The party was lovely -- held at the Weymouth Club, facilitated by staff there, and there were lots of other parents around to help. The preschool guests were generally very well-behaved, and enjoyed themselves a lot as they played traditional gym class kinds of games. They rode on scooters and played basketball, T-ball, red light/green light and duck, duck goose. All I did was stand there and watch them. Oh, and eat a piece each of pizza and birthday cake.

A great time was had by all, but I'm glad to be sitting down now. Better late than never.

Thursday, June 11, 2009

Time warp

Honestly, some parts of the calendar year go faster than others. This May-June/end-of-the-school-year time is just outrageously busy. I look at our family calendar on the fridge, and it's completely covered in writing until next Friday, when white space takes over with the beginning of the kids' summer vacation.

I'm actually looking forward to the summer this year, unlike in years past, when panic set in long before school let out. Terrified that Abby and Brian would spend every free minute stimming and perseverating, I sought to fill up their days as much as possible, leaving very little room for spontaneity or fun.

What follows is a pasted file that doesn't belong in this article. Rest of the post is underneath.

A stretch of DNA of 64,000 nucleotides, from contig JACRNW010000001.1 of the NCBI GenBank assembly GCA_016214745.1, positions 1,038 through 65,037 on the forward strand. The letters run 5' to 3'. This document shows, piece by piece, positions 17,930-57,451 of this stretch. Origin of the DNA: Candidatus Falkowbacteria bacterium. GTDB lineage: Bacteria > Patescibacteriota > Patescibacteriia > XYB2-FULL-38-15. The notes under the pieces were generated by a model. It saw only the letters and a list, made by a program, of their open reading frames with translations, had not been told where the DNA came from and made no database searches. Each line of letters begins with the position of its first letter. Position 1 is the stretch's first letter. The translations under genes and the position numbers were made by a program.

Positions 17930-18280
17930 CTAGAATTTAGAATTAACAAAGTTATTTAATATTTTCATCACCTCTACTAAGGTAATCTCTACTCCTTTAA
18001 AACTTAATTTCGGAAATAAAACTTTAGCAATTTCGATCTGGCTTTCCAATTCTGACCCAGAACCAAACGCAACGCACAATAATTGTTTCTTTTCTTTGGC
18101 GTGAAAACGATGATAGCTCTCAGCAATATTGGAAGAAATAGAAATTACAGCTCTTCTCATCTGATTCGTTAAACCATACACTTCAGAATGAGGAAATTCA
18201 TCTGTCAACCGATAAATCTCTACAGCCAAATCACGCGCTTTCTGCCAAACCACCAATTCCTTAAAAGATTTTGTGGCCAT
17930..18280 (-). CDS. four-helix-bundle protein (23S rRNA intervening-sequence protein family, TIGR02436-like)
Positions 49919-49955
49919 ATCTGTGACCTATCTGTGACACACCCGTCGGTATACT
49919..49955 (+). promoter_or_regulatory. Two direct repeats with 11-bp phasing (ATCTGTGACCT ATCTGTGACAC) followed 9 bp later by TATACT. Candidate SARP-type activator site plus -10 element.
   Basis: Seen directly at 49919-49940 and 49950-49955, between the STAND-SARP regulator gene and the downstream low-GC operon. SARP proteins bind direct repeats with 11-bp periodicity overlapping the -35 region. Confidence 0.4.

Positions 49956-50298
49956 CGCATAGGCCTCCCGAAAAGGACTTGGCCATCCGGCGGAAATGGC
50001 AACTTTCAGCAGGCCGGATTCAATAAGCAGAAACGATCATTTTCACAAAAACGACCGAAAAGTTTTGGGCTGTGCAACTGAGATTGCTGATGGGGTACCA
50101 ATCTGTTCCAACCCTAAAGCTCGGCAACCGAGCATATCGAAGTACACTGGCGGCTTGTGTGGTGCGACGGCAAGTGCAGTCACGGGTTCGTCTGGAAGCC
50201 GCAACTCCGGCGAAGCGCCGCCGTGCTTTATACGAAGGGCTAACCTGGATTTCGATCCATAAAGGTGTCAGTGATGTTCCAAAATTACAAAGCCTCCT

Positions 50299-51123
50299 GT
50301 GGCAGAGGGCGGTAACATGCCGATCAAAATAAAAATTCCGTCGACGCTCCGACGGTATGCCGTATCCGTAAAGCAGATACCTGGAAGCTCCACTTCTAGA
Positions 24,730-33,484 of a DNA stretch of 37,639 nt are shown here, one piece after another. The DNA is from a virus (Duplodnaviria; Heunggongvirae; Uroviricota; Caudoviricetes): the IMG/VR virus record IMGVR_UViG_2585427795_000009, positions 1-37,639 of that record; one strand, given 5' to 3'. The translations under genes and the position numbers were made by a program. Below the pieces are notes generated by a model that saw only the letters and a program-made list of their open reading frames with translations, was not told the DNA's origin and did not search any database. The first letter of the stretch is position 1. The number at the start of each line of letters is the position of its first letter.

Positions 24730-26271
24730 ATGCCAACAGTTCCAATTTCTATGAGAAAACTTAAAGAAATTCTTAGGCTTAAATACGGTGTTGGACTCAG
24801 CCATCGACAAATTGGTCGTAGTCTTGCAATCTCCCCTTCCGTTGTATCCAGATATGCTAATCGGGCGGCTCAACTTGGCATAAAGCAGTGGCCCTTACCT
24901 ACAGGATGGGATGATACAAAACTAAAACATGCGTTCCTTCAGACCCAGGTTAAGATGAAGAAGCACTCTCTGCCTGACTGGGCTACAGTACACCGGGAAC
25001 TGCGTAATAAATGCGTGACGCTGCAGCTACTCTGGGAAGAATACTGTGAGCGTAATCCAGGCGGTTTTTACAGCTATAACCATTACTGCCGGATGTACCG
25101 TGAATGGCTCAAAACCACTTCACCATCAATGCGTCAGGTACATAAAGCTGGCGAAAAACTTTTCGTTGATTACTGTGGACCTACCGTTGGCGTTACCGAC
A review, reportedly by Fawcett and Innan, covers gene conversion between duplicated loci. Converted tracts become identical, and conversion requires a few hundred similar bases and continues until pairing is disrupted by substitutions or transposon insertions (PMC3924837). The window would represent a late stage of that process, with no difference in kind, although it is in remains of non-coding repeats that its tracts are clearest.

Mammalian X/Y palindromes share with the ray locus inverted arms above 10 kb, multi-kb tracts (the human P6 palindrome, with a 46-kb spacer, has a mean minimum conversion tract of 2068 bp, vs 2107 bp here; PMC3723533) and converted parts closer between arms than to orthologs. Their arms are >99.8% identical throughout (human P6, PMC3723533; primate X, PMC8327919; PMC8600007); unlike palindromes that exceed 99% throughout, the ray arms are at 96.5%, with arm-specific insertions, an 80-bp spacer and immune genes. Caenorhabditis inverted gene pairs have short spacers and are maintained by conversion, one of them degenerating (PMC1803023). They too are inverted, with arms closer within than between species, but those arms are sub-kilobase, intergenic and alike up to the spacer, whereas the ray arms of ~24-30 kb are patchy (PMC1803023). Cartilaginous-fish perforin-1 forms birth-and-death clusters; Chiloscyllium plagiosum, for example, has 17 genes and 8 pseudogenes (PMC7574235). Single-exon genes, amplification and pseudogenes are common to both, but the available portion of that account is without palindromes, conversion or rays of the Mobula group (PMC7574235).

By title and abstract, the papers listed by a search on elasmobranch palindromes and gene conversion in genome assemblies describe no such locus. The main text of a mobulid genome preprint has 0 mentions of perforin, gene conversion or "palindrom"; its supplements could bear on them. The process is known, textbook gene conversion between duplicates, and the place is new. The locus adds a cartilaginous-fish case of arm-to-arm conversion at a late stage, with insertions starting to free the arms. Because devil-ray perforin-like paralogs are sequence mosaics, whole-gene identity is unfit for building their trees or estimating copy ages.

This year, it's different. I'll still need to provide structure and activity, but Brian, in particular, has much stronger play and self-entertainment skills than he used to. He and Timmy play well together much of the time, and now that Timmy isn't napping in the afternoons, I can plan to take all three kids to the town pool or on other outings without impinging upon the sacred naptime.

As for Abby's summer, I only have three weeks out of the ten that have full-day programming for her. There are three more weeks of half-day programming, and the rest we're taking as vacation time. She'll enjoy being on vacation, but we'll need to continue with as much routine as is practical -- playing violin, doing her summer reading, maybe giving her a regular schedule of tasks to complete at home. I do hope, however, that I can plan some things just for fun with her and the boys, and that she can handle them with advance notice and the all-important visual supports.

I'll also have to arrange some playdates for the kids. Playing with each other is all well and good, but they all could use some social time with other kids, too.

I'll get on that as soon as I'm in the white-space part of the June calendar.

Tuesday, June 2, 2009


Last week I bought myself a little present: a digital voice recorder that can download recordings to my computer. Today, I used it for the first time, and actually was able to record, download, change file type, send files to my students and even import them into my iTunes!

I amaze myself.

This means that my poor voice students don't need to rely on analog cassettes any more; I can record their lessons and just send them the recordings via email. I can record accompaniments for them to practice with and they can put them on their iPods. I could even burn CDs!

I think it was $30 well spent.